Parents and caregivers have the opportunity to protect their tamariki aged 5 to 11 against COVID-19, by being immunised with a child (paediatric) formulation of the Pfizer vaccine.
The vaccine used for tamariki is a children’s version of the Pfizer vaccine, with a lower dose and smaller volume.
Tamariki need two doses of the vaccine to be fully protected, we recommend these are at least 8 weeks apart. The interval can be shortened to a minimum of 21 days if needed, for example if your child is starting treatment with immunosuppressants.
The Ministry of Health recommends immunising your child to keep them safe and to help protect your whānau and community from COVID-19.
Benefits of immunisation
Immunisation is an important way we keep tamariki safe, like being sun smart or wearing a seatbelt. It protects your tamariki from many serious diseases and stops disease spreading within your whānau and the community. In Aotearoa, children get free vaccinations against 12 diseases, including whooping cough (pertussis), measles and polio.
Benefits of immunisation against COVID-19
Immunising 5 to 11-year-old tamariki helps protect whānau members whose health makes them more vulnerable to COVID-19. The COVID-19 virus can be unpredictable. While COVID-19 generally has milder effects in children, with symptoms being similar to a cold, some children become severely ill and require hospitalisation. Tamariki can also have rare complications such as Multisystem Inflammatory Syndrome (MIS-C) that may require intensive care. Tamariki can also suffer long term effects (known as long COVID), even after mild cases of COVID-19. Like adults, if your tamariki are infected with the COVID-19 virus they may transmit the virus to other people.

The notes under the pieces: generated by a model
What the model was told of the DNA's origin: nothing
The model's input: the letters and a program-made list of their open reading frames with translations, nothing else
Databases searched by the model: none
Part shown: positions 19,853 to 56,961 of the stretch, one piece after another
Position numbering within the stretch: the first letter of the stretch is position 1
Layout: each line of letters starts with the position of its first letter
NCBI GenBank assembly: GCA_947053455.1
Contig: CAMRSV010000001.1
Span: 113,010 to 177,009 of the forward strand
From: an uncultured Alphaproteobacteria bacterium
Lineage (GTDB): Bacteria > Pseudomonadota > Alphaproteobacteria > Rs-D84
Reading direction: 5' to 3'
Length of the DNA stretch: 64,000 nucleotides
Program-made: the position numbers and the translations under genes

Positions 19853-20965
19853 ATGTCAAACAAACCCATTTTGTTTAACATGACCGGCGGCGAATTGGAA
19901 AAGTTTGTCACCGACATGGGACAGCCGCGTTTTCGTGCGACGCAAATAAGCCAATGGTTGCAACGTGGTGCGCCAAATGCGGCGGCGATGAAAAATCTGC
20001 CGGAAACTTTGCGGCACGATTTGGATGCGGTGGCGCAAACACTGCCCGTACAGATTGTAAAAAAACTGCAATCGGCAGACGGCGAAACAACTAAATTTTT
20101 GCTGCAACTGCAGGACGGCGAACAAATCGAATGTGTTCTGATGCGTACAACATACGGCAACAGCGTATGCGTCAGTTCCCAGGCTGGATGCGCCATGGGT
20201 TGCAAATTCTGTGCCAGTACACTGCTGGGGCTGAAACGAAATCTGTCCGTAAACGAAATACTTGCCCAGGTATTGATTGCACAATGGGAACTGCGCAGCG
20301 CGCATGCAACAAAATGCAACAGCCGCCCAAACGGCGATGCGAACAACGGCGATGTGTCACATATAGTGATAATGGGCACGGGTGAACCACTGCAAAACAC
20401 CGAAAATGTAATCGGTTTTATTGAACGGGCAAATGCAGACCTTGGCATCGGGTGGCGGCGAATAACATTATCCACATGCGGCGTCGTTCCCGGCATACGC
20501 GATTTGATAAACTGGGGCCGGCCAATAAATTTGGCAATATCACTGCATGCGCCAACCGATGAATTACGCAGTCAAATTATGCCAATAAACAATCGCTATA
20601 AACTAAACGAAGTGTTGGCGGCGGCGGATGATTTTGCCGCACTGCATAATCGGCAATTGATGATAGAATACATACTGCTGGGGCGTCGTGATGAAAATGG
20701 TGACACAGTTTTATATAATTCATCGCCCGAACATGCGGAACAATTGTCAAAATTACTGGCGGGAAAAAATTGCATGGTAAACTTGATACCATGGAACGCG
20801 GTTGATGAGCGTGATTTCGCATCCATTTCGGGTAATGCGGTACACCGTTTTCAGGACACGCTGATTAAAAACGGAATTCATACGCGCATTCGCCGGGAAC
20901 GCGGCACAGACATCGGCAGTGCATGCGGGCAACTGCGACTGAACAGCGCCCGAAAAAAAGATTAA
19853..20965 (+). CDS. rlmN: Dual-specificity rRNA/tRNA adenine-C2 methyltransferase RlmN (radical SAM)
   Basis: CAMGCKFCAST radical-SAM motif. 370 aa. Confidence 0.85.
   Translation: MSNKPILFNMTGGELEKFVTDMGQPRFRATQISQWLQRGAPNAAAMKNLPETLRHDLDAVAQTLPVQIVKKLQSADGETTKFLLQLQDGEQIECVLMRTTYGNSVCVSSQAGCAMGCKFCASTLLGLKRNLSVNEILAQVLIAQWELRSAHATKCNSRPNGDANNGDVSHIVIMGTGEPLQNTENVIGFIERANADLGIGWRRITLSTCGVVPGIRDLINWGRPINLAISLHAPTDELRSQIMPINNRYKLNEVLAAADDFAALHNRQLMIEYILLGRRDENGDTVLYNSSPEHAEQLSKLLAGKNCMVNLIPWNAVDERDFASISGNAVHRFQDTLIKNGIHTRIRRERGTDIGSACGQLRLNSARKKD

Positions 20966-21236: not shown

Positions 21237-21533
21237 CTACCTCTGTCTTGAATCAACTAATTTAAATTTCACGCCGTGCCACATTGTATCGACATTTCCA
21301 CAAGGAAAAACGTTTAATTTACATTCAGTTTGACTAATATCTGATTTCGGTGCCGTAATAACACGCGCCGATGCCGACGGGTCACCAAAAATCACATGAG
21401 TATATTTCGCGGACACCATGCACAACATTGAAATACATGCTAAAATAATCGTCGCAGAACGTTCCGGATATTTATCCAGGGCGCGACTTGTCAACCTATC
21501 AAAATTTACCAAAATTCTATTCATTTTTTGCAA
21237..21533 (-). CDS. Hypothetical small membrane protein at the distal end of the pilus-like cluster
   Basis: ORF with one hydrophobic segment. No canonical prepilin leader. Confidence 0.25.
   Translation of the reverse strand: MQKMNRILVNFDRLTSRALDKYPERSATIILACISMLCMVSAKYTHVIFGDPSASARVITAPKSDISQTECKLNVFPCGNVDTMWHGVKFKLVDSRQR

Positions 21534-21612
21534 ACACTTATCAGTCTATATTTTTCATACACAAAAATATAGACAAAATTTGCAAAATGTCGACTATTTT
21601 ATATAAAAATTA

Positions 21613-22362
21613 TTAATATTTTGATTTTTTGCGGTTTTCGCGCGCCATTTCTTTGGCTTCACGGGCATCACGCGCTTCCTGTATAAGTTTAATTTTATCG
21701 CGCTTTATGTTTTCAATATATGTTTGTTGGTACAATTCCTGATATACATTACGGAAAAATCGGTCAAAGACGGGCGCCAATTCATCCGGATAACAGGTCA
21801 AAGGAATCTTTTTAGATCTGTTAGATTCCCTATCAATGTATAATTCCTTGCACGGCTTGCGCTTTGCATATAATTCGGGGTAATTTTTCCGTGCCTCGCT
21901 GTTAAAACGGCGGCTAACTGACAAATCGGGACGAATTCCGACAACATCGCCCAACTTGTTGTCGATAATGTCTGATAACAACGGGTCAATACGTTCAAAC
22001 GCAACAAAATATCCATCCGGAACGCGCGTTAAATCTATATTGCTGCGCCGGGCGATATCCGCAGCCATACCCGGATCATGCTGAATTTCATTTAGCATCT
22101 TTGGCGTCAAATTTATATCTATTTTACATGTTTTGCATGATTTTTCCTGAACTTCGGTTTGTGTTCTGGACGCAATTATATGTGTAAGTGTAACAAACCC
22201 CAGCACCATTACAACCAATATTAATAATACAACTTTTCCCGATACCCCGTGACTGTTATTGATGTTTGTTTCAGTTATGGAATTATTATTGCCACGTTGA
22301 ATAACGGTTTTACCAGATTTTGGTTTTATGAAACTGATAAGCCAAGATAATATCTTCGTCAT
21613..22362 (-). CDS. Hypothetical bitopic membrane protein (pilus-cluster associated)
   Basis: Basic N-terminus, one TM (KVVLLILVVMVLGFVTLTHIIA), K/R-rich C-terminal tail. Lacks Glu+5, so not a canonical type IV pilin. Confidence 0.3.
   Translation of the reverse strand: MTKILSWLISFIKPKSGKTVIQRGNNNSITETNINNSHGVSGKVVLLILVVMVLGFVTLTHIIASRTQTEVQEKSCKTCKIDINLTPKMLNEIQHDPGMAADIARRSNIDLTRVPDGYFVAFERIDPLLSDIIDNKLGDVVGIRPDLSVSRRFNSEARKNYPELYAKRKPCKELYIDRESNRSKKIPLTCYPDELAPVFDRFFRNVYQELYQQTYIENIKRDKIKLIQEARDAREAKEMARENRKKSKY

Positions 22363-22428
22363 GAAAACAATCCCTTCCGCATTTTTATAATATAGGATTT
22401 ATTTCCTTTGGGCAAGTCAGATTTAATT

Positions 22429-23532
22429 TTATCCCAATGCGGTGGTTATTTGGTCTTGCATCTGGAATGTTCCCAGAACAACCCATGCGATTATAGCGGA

Safety of the Pfizer vaccine
The Pfizer vaccine for 5 to 11-year-olds has been through clinical trials with children in this age group. In general, the side effects that were reported were mild, didn’t last long, and were similar to side effects from other routine vaccines.
The vaccine is recommended for tamariki with food allergies. Unlike some other vaccines, there is no food, gelatin or latex in the Pfizer vaccine.
The only reason that someone may not be able to have this vaccine due to allergy is if they have had a severe allergic response (anaphylaxis) to a previous dose of the Pfizer vaccine or an ingredient in the vaccine. The child (paediatric) Pfizer vaccine has gone through the same rigorous approval process as other routine childhood vaccines. No clinical trials were skipped and no corners were cut in the testing of its safety.
Preparing your tamariki for vaccination
- Provide encouragement to help your tamariki feel relaxed
- Make sure they have had something to eat and drink
- Check they’re wearing clothes that make it easy to see and access their upper arm.
If they’re a little nervous, they’re welcome to take something to the appointment that will distract them, like a soft toy or phone.